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The Writings of Acquaintances and Their Readers.—We read the writings of our acquaintances (friends and enemies) in a double sense, inasmuch as our perception constantly whispers, "That is something of himself, a remembrance of his inward being, his experiences, his talents," and at the same time another kind of perception endeavours to estimate the profit of the work in itself, what valuation it merits apart from its author, how far it will enrich knowledge. These two manners of reading and estimating interfere with each other, as may naturally be supposed. And a conversation with a friend will only bear good fruit of knowledge when both think only of the matter under consideration and forget that they are friends.
Rhythmical Sacrifice.—Good writers alter the rhythm of many a period merely because they do not credit the general reader with the ability to comprehend the measure followed by the period in its first version; thus they make it easier for the reader, by giving the preference to the better known rhythms.. This regard for the rhythmical incapacity of the modern reader has already called forth many a sigh, for much has been sacrificed to it. Does not the same thing happen to good musicians?
The Incomplete As an Artistic Stimulus.—The incomplete is often more effective than perfection, and this is the case with eulogies. To effect their purpose a stimulating incompleteness is necessary, as an irrational element, which calls up a sea before the hearer's imagination, and, like a mist, conceals the opposite coast, i.e. the limits of the object of praise. If the well-known merits of a person are referred to and described at length and in detail, it always gives rise to the suspicion that these are his only merits. The perfect eulogist takes his stand above the person praised, he appears to overlook him. Therefore complete praise has a weakening effect.
Precautions in Writing and Teaching.—Whoever has once written and has been seized with the passion for writing learns from almost all that he does and experiences that which is literally communicable. He thinks no longer of himself, but of the author and his public; he desires insight into things; but not for his own use. He who teaches is mostly incapable of doing anything for his own good: he is always thinking of the good of his scholars, and all knowledge delights him only in so far as he is able to teach it. He comes at last to regard himself as a medium of knowledge, and above all as a means thereto, so that he has lost all serious consideration for himself.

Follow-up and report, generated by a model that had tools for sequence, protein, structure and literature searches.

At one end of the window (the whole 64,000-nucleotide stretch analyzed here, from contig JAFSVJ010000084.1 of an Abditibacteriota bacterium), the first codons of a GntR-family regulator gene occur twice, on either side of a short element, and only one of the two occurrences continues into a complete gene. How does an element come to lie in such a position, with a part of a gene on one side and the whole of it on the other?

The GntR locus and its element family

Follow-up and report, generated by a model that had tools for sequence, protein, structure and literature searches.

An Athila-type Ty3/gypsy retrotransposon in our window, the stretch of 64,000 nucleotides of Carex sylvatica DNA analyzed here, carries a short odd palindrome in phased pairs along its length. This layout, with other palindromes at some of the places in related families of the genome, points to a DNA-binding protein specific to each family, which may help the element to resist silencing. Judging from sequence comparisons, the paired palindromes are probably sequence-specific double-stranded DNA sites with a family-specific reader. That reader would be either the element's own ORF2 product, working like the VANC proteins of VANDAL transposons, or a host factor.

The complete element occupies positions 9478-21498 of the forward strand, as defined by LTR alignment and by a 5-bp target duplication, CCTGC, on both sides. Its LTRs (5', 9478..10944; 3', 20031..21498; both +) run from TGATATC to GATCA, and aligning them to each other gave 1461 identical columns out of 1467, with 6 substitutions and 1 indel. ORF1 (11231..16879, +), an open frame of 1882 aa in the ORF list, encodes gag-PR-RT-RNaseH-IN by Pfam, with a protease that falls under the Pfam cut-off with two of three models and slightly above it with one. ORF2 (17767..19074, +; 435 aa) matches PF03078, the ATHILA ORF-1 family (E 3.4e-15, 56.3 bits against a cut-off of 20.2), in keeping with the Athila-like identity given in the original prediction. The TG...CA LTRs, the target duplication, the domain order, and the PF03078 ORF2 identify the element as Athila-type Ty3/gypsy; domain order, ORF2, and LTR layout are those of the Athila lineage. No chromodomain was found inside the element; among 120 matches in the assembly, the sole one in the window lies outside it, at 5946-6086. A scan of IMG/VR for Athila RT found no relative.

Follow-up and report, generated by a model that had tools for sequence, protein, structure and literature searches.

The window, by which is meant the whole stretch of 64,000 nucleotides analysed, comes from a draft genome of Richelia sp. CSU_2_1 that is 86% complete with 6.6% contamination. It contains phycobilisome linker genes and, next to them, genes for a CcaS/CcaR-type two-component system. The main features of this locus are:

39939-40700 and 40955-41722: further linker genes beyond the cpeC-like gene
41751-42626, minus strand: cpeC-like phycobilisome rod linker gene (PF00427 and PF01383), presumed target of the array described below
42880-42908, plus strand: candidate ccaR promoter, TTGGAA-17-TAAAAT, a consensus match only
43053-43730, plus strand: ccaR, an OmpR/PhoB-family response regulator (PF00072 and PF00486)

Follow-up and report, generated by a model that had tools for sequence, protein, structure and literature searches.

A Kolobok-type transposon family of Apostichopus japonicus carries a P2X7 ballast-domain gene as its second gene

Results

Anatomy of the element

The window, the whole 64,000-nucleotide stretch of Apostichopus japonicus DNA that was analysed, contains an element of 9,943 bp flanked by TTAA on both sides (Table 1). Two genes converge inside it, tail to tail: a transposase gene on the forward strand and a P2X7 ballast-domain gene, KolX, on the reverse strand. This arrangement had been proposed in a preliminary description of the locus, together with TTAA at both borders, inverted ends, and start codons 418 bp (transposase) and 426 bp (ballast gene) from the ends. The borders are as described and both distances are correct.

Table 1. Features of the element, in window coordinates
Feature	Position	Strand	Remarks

The Necessity For Bad Authors.—There will always be a need of bad authors; for they meet the taste of readers of an undeveloped, immature age—these have their requirements as well as mature readers. If human life were of greater length, the number of mature individuals would be greater than that of the immature, or at least equally great; but, as it is, by far the greater number die too young: i.e. there are always many more undeveloped intellects with bad taste. These demand, with the greater impetuosity of youth, the satisfaction of their needs, and they insist on having bad authors.
Too Near and Too Far.—The reader and the author very often do not understand each other, because the author knows his theme too well and finds it almost slow, so that he omits the examples, of which he knows hundreds; the reader, however, is interested in the subject, and is liable to consider it as badly proved if examples are lacking.